In the age of linear tactics, as in the days of Epaminondas, such a flanking maneuver can be lethal to the victim. The least-regarded soldiers of the Austrian army had been put on the left flank in a position protected by the hills as their fighting ability was doubted.
The Prussian infantry, arrayed in the conventional two lines of battle, then advanced and rolled up the Austrian flank. Frederick was fortunate in that not only had Prince Charles moved the cavalry from his army's left to the right, but the infantry on the Austrian left were Protestant Württemberg troops sympathetic to the similarly Protestant Prussians. After firing a few half-hearted volleys, they broke ranks in front of the advancing Prussian line. The other Austrian infantry on their left, when beset with 12-pounder Prussian artillery and devastating volleys from the advancing Prussians, quickly broke ranks as well. Prince Charles rushed troops from his right to his left, forming a hastily-made line along the town of Leuthen (formerly the Austrian center). The Austrians desperately attempted to realign themselves, but since their line of battle was so long, it took soldiers from the right flank one and a half hours to get into place. The long Prussian line did not halt their advance, assaulting Leuthen with artillery support. The Prussians took the village while both armies' artillery pounded away at each other. Now the Austrian cavalry, seeing the exposed Prussian line, hurried to take them in the flank, but the Prussian cavalry intercepted them. The cavalry melee soon swirled into the Austrian line behind Leuthen, causing widespread confusion and havoc. The Austrian line then broke; the battle lasted a little more than three hours. After seeing his army defeated, Prince Charles was heard to have said "I can't believe it!"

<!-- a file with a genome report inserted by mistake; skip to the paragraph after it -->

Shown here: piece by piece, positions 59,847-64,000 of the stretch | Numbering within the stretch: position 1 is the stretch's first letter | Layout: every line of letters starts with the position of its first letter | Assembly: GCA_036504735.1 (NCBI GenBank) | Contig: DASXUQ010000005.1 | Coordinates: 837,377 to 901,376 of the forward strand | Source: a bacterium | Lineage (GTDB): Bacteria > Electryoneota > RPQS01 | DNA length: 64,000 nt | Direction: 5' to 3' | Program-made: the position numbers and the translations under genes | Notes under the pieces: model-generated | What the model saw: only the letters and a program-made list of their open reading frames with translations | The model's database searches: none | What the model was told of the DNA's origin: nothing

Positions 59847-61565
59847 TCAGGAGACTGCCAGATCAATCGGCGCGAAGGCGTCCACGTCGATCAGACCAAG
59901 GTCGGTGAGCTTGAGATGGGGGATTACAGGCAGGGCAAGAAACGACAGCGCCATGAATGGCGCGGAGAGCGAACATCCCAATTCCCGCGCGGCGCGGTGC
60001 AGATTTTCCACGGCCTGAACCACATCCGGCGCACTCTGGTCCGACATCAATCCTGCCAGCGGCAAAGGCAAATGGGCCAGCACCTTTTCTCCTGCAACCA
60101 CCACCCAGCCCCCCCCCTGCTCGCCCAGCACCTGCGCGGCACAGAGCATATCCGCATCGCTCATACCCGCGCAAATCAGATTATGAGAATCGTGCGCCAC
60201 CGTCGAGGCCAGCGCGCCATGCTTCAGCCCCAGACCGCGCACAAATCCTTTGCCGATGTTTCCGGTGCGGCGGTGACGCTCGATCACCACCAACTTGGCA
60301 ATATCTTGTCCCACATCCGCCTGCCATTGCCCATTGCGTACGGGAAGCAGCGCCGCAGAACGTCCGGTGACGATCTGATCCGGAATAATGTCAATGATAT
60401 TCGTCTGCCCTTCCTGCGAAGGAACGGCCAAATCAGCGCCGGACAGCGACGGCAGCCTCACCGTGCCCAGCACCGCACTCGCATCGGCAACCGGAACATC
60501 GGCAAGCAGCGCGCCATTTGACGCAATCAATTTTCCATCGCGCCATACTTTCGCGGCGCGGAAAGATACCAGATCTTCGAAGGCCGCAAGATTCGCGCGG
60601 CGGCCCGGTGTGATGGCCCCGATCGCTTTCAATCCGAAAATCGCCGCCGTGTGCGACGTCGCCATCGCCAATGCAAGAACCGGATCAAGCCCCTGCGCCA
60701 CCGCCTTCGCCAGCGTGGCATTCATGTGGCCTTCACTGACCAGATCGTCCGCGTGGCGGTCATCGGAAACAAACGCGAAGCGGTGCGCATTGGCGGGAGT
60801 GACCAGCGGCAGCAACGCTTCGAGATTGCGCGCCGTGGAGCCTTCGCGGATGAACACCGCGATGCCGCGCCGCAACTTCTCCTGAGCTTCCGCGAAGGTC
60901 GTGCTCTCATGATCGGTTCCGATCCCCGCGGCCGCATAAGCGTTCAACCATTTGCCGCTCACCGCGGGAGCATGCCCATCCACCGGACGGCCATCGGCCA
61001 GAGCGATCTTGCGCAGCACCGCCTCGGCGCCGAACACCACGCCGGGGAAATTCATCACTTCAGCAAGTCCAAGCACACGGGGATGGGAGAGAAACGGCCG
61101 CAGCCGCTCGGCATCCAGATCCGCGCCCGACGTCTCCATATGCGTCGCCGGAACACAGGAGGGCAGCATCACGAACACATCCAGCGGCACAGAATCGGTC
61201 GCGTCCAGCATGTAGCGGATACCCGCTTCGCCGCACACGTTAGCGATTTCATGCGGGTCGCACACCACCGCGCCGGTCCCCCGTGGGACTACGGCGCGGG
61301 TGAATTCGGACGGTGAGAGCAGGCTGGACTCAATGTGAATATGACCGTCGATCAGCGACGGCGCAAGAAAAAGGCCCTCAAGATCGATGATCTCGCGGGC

The key to victory in this battle was the pre-battle operational maneuvers. Frederick was able to hide his intentions, achieve complete surprise and strike a massive blow at the enemy's weakest point, a tactic reminiscent of 'Bewegungskrieg', more commonly known as Blitzkrieg. The Austrians fell back into Bohemia, saving Silesia for the Prussian state. It was one of Frederick the Great's greatest victories, and again showed the world the superiority of Prussian infantry at the time. Soon after, Maria Theresa demanded the resignation of Prince Charles, her double brother-in-law.
- Bevin 2002
- Citino, Robert M.. The German Way of War: From the Thirty Years War to the Third Reich. University Press of Kansas. Lawrence, KS, 2005. ISBN 0-7006-1410-9
- Jon Latimer, Deception in War, London: John Murray, 2001, ISBN 0-7195-5605-8 pp. 19–20.
- Bevin, A (2002). "How Wars Are Won: The 13 Rules of War - from Ancient Greece to the War on Terror", Crown.
- Brown, R (2006). "Size of the Moon", Scientific American, 51(78).
- Battle of Leuthen animated battle map by Jonathan Webb